The choices Schuberg Philis makes depend greatly on the type of workload or project, with the public cloud often offering important benefits. Tommy Maintz: “Examples are: scalable ways of implementing a specific functionality, serverless computing, or the processing of large amounts of data. More and more companies are realizing that for such workloads, the public cloud is the only option. Possibly in a hybrid setup with the existing non-cloud-based IT landscape.”
“For technical reasons, many applications aren’t suitable for the public cloud,” adds Stefan Holdermans. “Or the migration might simply not offer any benefits. Fortunately, we can run such functionality perfectly from our own servers, which still gives customers the scalability and economic benefits of a private cloud.” Remi Bergsma lists governmental organizations and asset managers as examples.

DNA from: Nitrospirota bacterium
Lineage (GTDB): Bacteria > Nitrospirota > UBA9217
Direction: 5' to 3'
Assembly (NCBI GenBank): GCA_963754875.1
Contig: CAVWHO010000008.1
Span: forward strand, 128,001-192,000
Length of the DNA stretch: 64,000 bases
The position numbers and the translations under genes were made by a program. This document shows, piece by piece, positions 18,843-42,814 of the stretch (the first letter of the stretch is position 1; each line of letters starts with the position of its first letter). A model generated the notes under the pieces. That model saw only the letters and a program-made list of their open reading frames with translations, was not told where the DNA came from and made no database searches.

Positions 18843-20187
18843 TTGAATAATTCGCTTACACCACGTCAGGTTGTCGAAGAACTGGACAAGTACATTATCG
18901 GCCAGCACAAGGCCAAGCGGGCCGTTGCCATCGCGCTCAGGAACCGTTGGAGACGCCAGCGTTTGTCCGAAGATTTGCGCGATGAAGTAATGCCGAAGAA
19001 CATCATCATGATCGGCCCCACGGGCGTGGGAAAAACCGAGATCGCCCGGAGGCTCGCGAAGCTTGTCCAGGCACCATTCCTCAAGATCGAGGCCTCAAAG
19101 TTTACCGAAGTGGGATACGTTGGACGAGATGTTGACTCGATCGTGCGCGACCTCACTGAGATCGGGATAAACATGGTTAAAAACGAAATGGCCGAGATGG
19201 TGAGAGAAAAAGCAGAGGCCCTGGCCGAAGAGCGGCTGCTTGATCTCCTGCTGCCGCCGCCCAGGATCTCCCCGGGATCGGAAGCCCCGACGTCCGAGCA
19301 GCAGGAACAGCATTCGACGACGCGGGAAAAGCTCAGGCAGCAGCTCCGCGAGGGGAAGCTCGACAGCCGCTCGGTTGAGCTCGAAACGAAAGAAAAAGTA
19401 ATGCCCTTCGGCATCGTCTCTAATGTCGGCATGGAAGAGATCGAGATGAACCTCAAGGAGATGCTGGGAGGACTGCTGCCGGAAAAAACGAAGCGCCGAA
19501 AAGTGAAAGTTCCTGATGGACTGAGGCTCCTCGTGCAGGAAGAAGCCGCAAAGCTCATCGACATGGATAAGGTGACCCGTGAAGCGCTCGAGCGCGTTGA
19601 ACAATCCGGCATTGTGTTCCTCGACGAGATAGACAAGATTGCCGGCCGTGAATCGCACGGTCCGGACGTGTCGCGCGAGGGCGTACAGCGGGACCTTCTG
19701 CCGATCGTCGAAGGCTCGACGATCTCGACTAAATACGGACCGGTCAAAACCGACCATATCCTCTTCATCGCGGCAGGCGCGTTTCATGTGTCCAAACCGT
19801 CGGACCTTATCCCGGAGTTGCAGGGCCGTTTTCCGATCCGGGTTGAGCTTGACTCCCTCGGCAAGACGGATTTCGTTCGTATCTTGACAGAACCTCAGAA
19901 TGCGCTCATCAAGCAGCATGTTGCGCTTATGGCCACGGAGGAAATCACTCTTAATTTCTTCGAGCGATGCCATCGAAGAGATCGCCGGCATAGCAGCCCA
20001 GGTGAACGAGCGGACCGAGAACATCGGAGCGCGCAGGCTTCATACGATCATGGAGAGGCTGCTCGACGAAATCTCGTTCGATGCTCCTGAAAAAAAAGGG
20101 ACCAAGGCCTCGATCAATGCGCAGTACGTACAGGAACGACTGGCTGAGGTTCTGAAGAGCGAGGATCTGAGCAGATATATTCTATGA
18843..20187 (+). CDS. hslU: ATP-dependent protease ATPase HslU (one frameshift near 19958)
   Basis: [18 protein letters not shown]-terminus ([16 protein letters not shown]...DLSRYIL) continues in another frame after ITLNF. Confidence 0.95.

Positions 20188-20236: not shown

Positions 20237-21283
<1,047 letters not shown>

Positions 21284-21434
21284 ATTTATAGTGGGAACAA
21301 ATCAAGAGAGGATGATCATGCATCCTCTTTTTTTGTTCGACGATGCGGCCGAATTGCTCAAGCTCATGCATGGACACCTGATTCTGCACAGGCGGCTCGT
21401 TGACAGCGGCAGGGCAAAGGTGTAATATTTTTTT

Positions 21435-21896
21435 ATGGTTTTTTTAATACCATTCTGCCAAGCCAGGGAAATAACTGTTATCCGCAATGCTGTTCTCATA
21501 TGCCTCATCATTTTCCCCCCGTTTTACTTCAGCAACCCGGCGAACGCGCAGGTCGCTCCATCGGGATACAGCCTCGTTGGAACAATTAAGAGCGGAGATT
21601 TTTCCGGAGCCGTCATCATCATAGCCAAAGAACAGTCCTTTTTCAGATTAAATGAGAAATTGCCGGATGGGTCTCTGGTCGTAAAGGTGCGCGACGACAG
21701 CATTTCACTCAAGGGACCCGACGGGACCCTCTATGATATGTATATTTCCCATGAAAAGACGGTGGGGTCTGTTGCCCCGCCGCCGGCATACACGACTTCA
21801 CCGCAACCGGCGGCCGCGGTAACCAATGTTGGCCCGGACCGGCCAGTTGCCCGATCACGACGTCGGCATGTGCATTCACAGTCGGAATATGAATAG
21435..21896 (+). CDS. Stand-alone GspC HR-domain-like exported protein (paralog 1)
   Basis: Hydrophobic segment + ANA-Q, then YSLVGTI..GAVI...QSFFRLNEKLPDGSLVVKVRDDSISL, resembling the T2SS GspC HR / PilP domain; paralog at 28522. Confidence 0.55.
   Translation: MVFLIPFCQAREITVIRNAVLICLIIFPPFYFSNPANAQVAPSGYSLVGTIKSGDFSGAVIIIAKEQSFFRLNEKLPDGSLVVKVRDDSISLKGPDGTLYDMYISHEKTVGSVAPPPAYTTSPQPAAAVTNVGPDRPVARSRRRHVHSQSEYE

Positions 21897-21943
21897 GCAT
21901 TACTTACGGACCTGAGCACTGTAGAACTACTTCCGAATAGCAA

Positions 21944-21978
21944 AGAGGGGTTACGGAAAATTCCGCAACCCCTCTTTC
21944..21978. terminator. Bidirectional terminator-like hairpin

What matters is having DevOps teams work on the applications: releasing, experimenting, making data available.
The three experts see the move towards the public cloud as a natural evolution that also offered new perspectives on the Schuberg Philis DNA of guaranteed uptime and stability. “It requires a new way of thinking,” says Stefan. “Being relevant for customers continues to be our primary goal. How can we help companies with their most important problems? Such challenges used to be limited to a small range of relatively stable applications. With big padlocked fences erected around them to safeguard stability.”
But today’s IT landscapes have become much more dynamic and larger in scale. “At Enexis, we support 200 applications, and for a new customer there are even more than a thousand—many of which are not under our own control. What matters is having DevOps teams work on the applications: releasing, experimenting, making data available. Our role is to help lay the foundations.” Remi says, “IT is all about change, and change is fundamentally what we do.”